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A Powerful Addition To Your Gaming Library

Reviewing: Microsoft Xbox 360  |  Rating:
By dcstriker on
Badge: Author | Level: 2 | Gaming Expertise:

As a game store employee, it's my job to stay on top of things concerning the gaming industry. Of course, to do so now would almost require an Xbox 360. Microsoft has gone out of their way to create a beast of a console, with many games worth owning. Despite have a year lead on the competition, it's not the most well-known console, but it has the largest library of great games. I'll start by listing the pros and cons of the console.


As I've said before, the Xbox 360 has the largest and strongest library of any 7th-generation console. No matter what kind of gamer you are, there are several titles per genre on the Xbox 360 to satisfy you. Hardcore shooting fans can feed their fire with hot titles like Gears of War, Halo 3, and Call of Duty 4. Role-playing gamers can find many hours of joy playing games like Blue Dragon, Oblivion and the upcoming Lost Odyssey. No matter what kind of gamer you are, there is much fun to be had with the Xbox 360.

The console's power determines its potential in later years. For gaming, the Xbox 360 is arguably the most powerful console of the Big Three- the others are the Nintendo Wii and the Sony Playstation 3. The Xbox 360 features a triple-core 3.2 Ghz processor that can handle 2 threads per core. The Graphics Unit is a next-generation model developed with ATI. It features 10 MB of EDRAM with ridiculous bandwidth, enabling powerful graphics calculations without affecting system performance. Bottom line: Future games will keep you picking your jaw up off the floor.

Xbox Live, the Xbox 360's online component, is one of the system's strongest selling points. For just $50 a year, you can be online with a 10 million-strong gaming community. Play online with your buddies, talk to friends over voice and video chat, instantly invite your friends from in-game menus, download tons of game add-ons and demos for free- there's tons of stuff to do with Xbox Live. It's very user-friendly and absolutely worth the extra money.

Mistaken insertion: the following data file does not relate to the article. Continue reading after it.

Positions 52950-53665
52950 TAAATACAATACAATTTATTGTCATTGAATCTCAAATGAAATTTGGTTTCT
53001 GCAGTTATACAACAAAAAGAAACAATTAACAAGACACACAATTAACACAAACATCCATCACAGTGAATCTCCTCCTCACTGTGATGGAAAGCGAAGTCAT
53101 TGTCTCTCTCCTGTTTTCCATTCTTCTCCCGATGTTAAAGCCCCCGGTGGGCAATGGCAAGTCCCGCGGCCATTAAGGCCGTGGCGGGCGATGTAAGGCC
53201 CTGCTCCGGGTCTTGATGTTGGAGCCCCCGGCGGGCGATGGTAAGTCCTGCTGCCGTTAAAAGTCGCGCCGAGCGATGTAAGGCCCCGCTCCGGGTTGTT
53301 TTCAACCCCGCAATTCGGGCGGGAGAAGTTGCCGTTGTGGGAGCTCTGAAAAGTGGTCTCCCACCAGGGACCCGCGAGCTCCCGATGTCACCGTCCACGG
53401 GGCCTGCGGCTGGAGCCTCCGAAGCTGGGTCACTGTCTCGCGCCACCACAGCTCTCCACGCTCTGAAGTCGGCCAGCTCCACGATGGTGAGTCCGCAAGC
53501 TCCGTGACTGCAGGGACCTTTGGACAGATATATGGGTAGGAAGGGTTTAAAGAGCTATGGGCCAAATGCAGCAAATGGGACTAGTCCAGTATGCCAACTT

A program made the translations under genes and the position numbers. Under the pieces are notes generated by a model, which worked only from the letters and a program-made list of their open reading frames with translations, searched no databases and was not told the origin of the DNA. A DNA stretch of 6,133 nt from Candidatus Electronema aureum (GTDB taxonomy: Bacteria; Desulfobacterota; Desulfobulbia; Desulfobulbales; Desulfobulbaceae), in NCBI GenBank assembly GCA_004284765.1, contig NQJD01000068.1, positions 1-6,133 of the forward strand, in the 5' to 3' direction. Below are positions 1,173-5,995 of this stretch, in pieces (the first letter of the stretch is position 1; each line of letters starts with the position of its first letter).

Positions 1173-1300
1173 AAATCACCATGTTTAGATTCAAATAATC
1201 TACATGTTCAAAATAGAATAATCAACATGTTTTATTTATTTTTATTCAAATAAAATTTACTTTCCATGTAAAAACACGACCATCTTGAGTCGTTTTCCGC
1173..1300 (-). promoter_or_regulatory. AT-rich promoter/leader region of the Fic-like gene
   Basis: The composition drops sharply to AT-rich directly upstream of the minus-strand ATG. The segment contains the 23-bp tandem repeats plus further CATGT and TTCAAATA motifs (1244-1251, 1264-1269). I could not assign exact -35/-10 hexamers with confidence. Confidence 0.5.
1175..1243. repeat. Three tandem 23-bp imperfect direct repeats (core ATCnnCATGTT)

Other features make this console worth owning, as well. For instance, anyone can plug in their iPod or mp3 player and listen to their favorite music during every single game they play. You can even rip CDs to the hard drive. Owners can stream their media from their PC using Windows Media Center. Movies can be rented and watched over Xbox Live Marketplace. No matter what you're in to, it's easy to find lots of use for the Xbox 360.


The main problem with the Xbox 30 would be the sketchy build quality, at best. The Xbox 360 is prone to many problems: Many owners know about the Red Ring of Death. The Red Ring is a manufacturer defect that flashes 3 red lights on the startup button. This warning means the system is inoperable, and needs repair. This problem is far too common than it should be. Thankfully, Microsoft has extended the warranty for this problem to three years. Despite the revision, it can still deter people from purchasing the Xbox 360.

Accessory prices can be very high. A wireless controller for the 360 costs $50US, and a wireless network adaptor can cost $100. While there are cheaper options for every owner, the amount of money spent can add up quickly.

Overall, I have found the Xbox 360 to be a great investment. Combined with a powerful library, the best online component, and a slew of features, the Xbox 360 could turn out to be a winner for almost every gamer.